Profile

The mystery behind the umpteen masks

Lawrence O’Toole February 18 1980
Profile

The mystery behind the umpteen masks

Lawrence O’Toole February 18 1980

The mystery behind the umpteen masks

Profile

Lawrence O’Toole

No other actor since Brando has created such a schism within the critical establishment as Richard Gere has. Following a press screening of American Gigolo in New York recently, the two sore sides set up camp. Broadsides began, continually interrupted by a hail of panegyric, one faction claiming that Gere is just another pretty face who mistakes his own moods for acting; the others retorting passionately that he’s the finest actor of his generation, gifted with an implosive technique which pulls you into a character the way other actors can’t. Conversation becomes a calamitous thing:

“He’s too pretty to be talented,” said one critic.

“Yeah, he’s pretty talented,” countered another.

“His muscles are all below his head.”

“Jealous?”

“Go to hell.”

The word is out: you either love or you hate. These days, you are what you think of Richard Gere.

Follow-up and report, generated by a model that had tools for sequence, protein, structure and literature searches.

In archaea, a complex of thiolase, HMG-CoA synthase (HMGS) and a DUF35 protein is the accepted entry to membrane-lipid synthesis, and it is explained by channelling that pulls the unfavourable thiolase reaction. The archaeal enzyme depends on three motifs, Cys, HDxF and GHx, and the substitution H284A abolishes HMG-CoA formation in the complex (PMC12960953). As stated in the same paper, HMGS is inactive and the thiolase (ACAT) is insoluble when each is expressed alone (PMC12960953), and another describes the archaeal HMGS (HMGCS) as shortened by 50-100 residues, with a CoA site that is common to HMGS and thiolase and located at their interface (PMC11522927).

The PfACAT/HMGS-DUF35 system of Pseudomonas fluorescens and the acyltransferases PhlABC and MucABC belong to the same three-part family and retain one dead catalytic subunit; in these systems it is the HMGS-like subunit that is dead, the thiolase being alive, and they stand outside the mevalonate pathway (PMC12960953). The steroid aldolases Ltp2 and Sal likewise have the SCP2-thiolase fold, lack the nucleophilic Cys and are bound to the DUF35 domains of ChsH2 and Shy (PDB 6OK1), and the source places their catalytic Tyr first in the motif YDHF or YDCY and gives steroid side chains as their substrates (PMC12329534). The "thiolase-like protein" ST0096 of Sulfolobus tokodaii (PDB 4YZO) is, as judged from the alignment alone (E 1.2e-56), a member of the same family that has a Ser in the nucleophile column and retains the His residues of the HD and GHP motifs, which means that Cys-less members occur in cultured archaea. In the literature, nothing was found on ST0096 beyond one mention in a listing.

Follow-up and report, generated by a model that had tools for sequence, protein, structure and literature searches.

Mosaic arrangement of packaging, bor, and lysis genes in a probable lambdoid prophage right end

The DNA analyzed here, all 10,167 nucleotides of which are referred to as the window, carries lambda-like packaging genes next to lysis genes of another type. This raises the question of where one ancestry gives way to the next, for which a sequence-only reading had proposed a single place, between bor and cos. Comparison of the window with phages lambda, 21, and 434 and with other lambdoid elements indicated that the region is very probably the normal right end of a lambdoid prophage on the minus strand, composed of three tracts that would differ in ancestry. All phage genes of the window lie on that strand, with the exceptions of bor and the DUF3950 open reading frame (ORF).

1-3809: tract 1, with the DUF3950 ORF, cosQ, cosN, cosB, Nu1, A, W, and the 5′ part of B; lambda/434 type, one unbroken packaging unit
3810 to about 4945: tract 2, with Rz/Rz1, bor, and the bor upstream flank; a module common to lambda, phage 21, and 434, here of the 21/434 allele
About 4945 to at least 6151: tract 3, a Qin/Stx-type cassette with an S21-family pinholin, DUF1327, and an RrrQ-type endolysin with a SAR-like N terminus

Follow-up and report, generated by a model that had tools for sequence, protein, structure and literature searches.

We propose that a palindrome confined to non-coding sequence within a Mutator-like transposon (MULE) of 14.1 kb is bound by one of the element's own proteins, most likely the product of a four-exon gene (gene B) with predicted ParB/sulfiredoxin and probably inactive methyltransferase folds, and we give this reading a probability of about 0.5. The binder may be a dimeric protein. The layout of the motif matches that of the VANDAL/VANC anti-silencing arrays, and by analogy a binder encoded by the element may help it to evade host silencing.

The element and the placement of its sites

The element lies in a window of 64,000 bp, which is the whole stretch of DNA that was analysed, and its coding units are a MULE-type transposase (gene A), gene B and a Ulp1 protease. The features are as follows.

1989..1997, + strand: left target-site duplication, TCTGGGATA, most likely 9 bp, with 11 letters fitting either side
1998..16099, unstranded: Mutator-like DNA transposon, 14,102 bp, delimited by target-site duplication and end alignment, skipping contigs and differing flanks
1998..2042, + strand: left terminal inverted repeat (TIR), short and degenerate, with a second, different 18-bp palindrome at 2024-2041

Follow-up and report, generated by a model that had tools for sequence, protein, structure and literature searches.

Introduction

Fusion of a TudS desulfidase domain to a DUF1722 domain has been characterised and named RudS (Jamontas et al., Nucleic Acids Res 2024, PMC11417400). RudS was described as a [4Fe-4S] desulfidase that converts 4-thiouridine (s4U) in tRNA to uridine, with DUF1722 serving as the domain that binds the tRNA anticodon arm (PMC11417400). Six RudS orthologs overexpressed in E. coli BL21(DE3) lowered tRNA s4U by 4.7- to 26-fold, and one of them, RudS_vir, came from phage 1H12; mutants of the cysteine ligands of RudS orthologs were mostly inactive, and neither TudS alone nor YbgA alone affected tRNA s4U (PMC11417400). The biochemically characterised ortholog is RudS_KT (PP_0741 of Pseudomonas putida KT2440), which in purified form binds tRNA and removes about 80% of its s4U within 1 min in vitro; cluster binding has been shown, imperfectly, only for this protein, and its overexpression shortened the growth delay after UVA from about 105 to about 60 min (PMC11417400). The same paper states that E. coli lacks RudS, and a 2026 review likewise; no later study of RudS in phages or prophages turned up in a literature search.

And who, might the general public who haven’t seen him in American Gigolo ask, is Richard Gere? As screen debuts go (not counting two previous bit parts), Gere’s was certainly different: having picked up Diane Keaton looking for Mr. Goodbar, he did a frenzied dance back at her apartment wearing a jock-

strap and wielding a luminous switchblade. And since then Gere has embodied the art of being different: a sensitive member of a hard-hat family aching to get out in Bloodbrothers; a restless migrant worker in Days of Heaven; a GI who wants to do the right thing by his English girl-friend in Yanks; and now, Julian Kay, the high-class hustler with a heart in American Gigolo. Currently on Broadway in Bent, he portrays a homosexual trying to pass himself off as a Jew in Dachau, because Jews are treated better than “queers.” The confluence of a major movie and a Broadway succès d’estime sires an old stereotype: a star is born.

Gere’s reputation as an actor with a difference, among detractors and champions alike, is susperseded only by his public profile. Ever eager for a new, young star to boost, because Roberts Redford and De Niro won’t do interviews anyway, the press hyped him to the hilt after Goodbar. In celebrity-conscious North America at the time this seemed reasonable, and even necessary. But Gere demurred, saying he would never talk about his personal life or the process of acting. “Whatever I tell you about myself will be obsolete tomorrow,” is his credo. The press persisted. One woman interviewer summoned up the gall to ask if he were gay. Gere, in response to her question and with not a small sense of self-publicity, stood up, unbuckled his belt and dropped his pants.